I love these children more than the ones I lost, because they are the ones I have loved with my body, mind and heart these years. The names and faces that give me so much of my identity and life’s purpose. And yet, I truly miss our biological children. I wonder what they would have looked like. Would they have been shy and neurotic like Bob says, so unlike our boys? I know that if they had been we wouldn’t have the boys, and I would choose the boys over them if I was given that choice. And yet I wish that somehow I could have them both. Most of my friends with children my age are 5 years younger than me. I would have a 7 year old right now, if my pregnancy had continued uninterrupted as theirs did. It is all so haunting and strange.
Adoptees like Sherri Eldredge detail the turmoil of adopted children. Shame, feelings of rejection and abandonment, feeling unfinished, disconnected, something missing. Sometimes they feel grief over what they have lost which turns to anger. These feelings are worsened when adoptive parents invalidate them, when we try to gloss over their pain with their “happy” story, or worse, when people tell them they are lucky and should be thankful. Angela Tucker, writing for the blog Her.meneutics, drew out the possible harms of both quaint and theological sentiments. Telling a child they were chosen may imply a benevolent providence. But it may also emphasize the child’s powerlessness over their fate, at the whim of an omnipotent parent who happened to pick them instead of someone else. We might trivialize the significance of someone’s struggles as an adoptee with a superficial reference to our adoption into God’s family. This fact is stunning and profound, but does not negate the very real struggles of someone who has lost their biological parents. Sometimes there is tension with those parents- adoptive parents are too quick to relegate them to the role of gestation. We don’t want to share our babies, with anyone else, especially when they are the only ones we have and were so hard to come by.
All of this has been brought before God so many times, and there have been flashes of incomplete insight. Sometimes I get a sense of who I might have been without this journey (superficial,unsympathetic, false sense of control, unaware of my need for grace). Sometimes I have felt his concern for my boys, His behind the scenes advocating on their behalf. We were also chosen- to be their parents. I have made much progress towards embracing my story as unique, and not envying or comparing the journeys of others. I have reached out to others in a similar situation and seemed to encourage them. These insights console- for awhile. But then the primal grief rears up again, the memories of loss tear, and I know that I will carry this pain the rest of my life. And from that grief comes something else- anger. I realized this while fasting- troubled by a barrier I sensed towards God. Why doesn’t He answer my prayer that I have lifted up so earnestly over such a long time (8 years), while others hear quickly? Why did he let all my biological children die? Why won’t He take the grief away, or at least the desire? How can I believe that He’s good, that He loves me, when He allows this? This is the bitter seed, the age old philosophical question that wreaks havoc with my soul. It was good to acknowledge this anger, and to confess that I don’t want to be angry anymore. I want the breach healed. I want to trust God’s goodness again, even if He doesn’t redeem this pain the way I want Him too. In response to this revelation and confession I had a spiritual experience. I simply felt God’s love, in the way I felt it on a windswept prairie as a teenager, in the way I felt it in a dorm room after that. In a way I haven’t felt in years. That Love that has followed me my whole life and still waits, that cannot be negated by my circumstances. I sensed it with other senses, yet in a way that moved me to tears, and does even now while I write this . My grief was understood but my questions weren’t answered. This is just another step in my journey, and yet I sense it means something more.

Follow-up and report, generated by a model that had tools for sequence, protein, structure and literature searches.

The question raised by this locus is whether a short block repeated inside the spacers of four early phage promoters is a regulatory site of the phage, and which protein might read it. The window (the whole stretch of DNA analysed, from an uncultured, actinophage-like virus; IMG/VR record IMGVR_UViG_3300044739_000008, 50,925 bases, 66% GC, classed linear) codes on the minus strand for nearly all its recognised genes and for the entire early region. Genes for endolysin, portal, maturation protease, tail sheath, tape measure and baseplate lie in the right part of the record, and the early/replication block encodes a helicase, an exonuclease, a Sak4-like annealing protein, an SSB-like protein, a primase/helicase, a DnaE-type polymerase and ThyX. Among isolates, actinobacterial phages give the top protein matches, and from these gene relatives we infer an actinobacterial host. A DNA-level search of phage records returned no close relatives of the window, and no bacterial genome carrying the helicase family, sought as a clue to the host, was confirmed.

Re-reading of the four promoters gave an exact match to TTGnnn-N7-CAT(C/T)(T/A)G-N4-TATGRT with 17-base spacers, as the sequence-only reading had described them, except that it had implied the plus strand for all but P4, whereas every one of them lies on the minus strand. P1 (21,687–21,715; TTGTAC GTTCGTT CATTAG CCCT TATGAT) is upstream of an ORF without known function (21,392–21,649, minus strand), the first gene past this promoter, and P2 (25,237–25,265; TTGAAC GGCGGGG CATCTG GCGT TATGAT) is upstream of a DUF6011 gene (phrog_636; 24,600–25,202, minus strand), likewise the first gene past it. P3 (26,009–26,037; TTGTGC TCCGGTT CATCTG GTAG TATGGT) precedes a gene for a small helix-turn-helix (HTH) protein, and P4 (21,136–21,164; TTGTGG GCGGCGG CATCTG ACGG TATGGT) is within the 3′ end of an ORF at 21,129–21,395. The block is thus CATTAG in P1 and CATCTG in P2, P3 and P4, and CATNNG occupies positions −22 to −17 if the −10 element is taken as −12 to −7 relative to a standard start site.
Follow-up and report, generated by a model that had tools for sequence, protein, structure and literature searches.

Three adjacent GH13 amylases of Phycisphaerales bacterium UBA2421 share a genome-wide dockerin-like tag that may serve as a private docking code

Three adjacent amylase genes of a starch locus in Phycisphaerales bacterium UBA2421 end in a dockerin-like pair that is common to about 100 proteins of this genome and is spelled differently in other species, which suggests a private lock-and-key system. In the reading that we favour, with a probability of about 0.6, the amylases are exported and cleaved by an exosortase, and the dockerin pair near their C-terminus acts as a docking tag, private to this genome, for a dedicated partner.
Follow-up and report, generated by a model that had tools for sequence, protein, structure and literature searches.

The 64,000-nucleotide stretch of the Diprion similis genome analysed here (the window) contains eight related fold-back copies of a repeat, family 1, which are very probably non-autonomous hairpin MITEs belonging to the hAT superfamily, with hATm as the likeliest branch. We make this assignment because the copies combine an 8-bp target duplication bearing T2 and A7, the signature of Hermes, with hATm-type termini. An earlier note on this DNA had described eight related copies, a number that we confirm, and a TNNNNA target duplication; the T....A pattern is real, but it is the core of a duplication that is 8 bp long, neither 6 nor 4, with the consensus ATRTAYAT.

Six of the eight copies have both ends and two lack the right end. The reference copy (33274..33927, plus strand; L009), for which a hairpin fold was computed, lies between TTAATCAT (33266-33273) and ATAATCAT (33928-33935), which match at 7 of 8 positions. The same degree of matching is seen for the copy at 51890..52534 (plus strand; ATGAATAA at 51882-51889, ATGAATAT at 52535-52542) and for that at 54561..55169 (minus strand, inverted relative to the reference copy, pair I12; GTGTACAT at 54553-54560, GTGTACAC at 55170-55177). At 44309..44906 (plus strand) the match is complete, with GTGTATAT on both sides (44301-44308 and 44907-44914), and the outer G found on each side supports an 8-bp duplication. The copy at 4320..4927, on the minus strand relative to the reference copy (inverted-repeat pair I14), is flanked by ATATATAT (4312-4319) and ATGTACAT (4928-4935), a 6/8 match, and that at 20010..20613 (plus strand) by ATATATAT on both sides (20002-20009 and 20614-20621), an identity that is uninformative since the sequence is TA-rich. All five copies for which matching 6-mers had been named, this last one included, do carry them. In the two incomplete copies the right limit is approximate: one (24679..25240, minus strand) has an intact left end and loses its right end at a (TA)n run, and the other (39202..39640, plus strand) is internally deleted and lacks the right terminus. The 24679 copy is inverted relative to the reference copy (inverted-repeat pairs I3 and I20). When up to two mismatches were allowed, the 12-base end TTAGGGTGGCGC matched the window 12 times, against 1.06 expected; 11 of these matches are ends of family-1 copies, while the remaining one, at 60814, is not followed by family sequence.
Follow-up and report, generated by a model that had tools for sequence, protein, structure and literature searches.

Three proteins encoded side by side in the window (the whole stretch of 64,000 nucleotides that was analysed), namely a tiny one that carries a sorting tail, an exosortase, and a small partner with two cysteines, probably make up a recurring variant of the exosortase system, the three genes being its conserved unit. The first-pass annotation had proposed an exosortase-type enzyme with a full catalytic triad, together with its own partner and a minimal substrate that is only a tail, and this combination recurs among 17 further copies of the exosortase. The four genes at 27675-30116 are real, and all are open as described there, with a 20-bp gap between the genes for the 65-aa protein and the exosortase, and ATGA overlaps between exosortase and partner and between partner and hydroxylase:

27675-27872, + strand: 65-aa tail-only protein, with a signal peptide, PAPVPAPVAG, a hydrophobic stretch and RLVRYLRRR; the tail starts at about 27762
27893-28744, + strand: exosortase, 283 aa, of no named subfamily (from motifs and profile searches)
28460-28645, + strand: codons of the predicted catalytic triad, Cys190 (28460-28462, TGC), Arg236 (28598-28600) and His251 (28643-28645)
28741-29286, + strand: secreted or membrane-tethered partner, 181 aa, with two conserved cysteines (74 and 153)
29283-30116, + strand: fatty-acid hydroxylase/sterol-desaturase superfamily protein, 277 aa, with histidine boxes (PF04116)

Perhaps all of our journeys, with their agonizing losses and easy triumphs, their brave hopes and bitter seeds, are meant to end with this. There is no trite rationale, no profound explanation that will make it all ok. Whether one journeys as an adoptive parent bearing infertility and loss or as an adoptee grieving his first parents, we share many emotions. Our pain breaks us and binds us to each other, but ultimately I believe it will be swept away.

This is an ironic post for the Christmas season, since it is all about a miraculous conception. But this is one case where someone else’s miracle doesn’t bring envy. Jesus left his true father for an adoptive one. He forwent natural procreation and physical descendants so he could welcome all of us as his brothers and sisters through adoption into the family of God. He is that Love I’ve felt in fragile moments of my life, given a body and a voice. He was given to understand and bear our pain with us, the seed that died in bitter agony but was raised in glorious power, power that will ultimately bring an end to our own sorrow as well.